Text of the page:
The old Christmas traditions in the Church of the Nativity are waning, but some Christian Palestinians still strain to keep them.
A Palestinian college student is one of the last keepers of a fading tradition — ringing the bells of Bethlehem.
Twice a week, Khadir Jaraiseh climbs to the roof of the Church of the Nativity, built over the grotto where tradition says Jesus was born. He pulls the ropes of four bells in a rooftop tower for a total of 33 times to symbolize the number of years Jesus was believed to have lived.
Jaraiseh rings the bells for prayer services of the Armenian Apostolic Church, one of three denominations that administer the basilica, one of Christianity’s holiest shrines. The Roman Catholic and Greek Orthodox denominations at the Nativity church — each of which has its own set of bells — have switched to automatic bell-ringing.
But there’s something special about the traditional approach, said Jaraiseh, who uses both hands and a floor pedal to pull the ropes.
“I feel like I’m making music and talking to God,” said the 22-year-old, who has worked at the church for four years and is studying to become a tourist guide. “There is nothing better than working in the place of Jesus’ birth.”
Jaraiseh rings the bells two days a week and an older colleague covers the remaining five days. During the Christmas season, his task is particularly enjoyable, he said.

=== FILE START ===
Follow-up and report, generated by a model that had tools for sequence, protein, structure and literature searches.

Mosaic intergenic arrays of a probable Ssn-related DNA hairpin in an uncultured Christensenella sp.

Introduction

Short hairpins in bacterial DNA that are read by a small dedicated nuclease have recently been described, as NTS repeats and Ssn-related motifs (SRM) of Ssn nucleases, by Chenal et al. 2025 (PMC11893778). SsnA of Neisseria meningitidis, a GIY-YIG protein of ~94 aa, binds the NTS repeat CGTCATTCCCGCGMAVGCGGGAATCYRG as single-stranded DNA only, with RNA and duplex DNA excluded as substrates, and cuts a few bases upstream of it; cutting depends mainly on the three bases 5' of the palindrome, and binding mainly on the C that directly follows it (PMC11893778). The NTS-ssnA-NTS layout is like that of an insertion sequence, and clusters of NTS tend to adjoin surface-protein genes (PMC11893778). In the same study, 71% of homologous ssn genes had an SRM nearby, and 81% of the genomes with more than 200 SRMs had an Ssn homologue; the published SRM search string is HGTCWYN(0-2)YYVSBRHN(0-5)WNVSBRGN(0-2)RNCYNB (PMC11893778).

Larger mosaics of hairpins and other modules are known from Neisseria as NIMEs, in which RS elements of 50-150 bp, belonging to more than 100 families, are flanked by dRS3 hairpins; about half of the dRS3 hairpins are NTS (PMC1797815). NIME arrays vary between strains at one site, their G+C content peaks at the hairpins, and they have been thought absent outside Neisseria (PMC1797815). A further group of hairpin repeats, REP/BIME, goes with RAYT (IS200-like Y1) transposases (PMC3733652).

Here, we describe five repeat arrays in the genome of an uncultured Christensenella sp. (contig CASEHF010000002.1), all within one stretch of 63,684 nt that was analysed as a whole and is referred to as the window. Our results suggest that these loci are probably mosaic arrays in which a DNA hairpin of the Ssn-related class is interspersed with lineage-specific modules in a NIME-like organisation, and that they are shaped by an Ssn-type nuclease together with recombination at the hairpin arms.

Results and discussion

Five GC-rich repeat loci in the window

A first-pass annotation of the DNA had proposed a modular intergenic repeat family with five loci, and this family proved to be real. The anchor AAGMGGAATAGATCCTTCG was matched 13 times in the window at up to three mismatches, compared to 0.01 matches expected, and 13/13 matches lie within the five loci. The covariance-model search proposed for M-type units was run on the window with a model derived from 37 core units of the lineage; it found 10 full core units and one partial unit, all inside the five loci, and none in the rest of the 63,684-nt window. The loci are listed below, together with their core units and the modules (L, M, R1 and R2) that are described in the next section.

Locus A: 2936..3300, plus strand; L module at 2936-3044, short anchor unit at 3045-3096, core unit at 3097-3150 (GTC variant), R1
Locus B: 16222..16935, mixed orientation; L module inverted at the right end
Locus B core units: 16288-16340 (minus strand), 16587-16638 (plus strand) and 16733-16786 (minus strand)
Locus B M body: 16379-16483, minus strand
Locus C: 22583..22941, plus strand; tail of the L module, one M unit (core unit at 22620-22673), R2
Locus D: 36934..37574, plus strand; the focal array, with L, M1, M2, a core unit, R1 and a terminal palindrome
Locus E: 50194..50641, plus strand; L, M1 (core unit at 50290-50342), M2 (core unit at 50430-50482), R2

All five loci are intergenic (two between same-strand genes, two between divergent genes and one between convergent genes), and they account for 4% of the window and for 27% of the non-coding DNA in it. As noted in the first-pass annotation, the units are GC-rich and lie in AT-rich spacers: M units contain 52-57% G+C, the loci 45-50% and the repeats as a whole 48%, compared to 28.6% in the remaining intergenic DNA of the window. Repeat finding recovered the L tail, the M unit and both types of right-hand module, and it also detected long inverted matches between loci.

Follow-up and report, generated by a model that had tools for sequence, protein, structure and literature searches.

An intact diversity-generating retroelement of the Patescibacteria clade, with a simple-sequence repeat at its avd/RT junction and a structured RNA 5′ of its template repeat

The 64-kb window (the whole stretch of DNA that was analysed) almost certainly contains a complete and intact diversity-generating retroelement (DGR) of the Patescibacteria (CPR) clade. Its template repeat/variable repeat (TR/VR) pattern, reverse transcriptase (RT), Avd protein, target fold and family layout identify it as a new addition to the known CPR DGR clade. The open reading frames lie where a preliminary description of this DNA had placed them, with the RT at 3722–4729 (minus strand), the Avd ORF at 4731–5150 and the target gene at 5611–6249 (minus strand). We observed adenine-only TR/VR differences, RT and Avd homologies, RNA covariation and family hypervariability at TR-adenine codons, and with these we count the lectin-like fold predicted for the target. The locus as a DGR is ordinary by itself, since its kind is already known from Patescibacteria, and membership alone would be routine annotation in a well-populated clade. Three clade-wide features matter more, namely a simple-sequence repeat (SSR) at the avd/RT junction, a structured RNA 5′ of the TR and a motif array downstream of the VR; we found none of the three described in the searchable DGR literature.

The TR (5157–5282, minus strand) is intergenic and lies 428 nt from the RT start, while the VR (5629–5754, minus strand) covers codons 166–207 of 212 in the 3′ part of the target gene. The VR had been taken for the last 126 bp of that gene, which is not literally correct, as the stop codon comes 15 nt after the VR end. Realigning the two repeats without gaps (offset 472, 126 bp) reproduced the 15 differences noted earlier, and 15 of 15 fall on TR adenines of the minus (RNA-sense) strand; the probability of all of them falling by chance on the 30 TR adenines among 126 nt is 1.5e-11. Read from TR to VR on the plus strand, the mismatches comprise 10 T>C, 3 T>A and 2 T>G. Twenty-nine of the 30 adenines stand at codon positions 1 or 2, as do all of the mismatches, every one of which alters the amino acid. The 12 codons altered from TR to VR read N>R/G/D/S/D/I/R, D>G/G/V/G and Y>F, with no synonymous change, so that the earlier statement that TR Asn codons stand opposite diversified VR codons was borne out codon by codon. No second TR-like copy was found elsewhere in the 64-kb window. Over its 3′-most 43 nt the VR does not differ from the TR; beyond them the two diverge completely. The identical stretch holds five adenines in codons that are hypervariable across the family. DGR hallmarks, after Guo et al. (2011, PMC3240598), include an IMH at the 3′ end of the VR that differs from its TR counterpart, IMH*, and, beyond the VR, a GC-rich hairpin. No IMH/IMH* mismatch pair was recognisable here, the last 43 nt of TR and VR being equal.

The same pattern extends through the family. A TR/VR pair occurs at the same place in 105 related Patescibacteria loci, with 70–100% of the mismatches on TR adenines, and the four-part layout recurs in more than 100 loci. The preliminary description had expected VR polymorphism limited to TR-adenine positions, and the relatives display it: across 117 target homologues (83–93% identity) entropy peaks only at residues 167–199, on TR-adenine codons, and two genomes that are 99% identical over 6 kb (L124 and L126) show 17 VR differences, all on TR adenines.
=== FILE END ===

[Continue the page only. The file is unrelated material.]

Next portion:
His rooftop perch offers a view of old stone houses and cobblestone alleys in the center of Bethlehem.
On Sunday, patches of snow were left on rooftops, remnants of a rare snow storm that hit earlier this month. Much of the church was covered in scaffolding, as part of urgent repairs of a leaking roof — the first facelift in 600 years. Below, Manger Square was filled with tour groups, including visitors from India and Africa.
But the postcard-like vista is disrupted by a string of Israeli settlements and Israel’s West Bank separation barrier in the background. Around Bethlehem, the barrier is made up of ugly gray cement slabs, one of the many manifestations of the festering Israeli-Palestinian conflict. Israel portrays the barrier as a defense against militants, while Palestinians say it’s an excuse for another Israeli land grab.
The conflict is ever-present in the Palestinian territories, even during the Christmas season, though not always acutely felt. Tensions have dropped in recent years, the U.S. is making a new attempt to broker a peace deal, Bethlehem hotel rooms are booked through December and the number of visitors is rising steadily.
Jaraiseh said Christmas remains the highlight of his year despite the political situation. “We wait for it, it’s a happy day and we feel happy, regardless,” he said.
The Armenians mark Christmas on January 19. The day before, Jaraiseh will ring the bells for longer, while the Christmas Eve procession of the Armenian patriarch makes its way into church. Though he is the bell-ringer for the Armenians, Jaraiseh is Roman Catholic and celebrates Christmas this week.
The Greek Orthodox switched to a computerized system after their bell ringer died a few years ago.
“We just press the button, without any need to go up to the roof in bad or good weather,” said Issa Talgiyeh, a Greek Orthodox priest. “This is much easier,” he said — though he acknowledged that the bells rung by hand sound more beautiful.
The Roman Catholics went the same route, using a generator to back up the system.
The Armenians initially had five bells that were installed in 1923. One was damaged during Israel’s 2002 siege of the church when Palestinian gunmen were holed up inside the shrine for 40 days.
Khat Joundourian, a senior Armenian priest, said his church decided to preserve tradition.
“What if one day the computer (for the bells) doesn’t work or needs to be reset?” he said. “Would we skip the call to prayer?”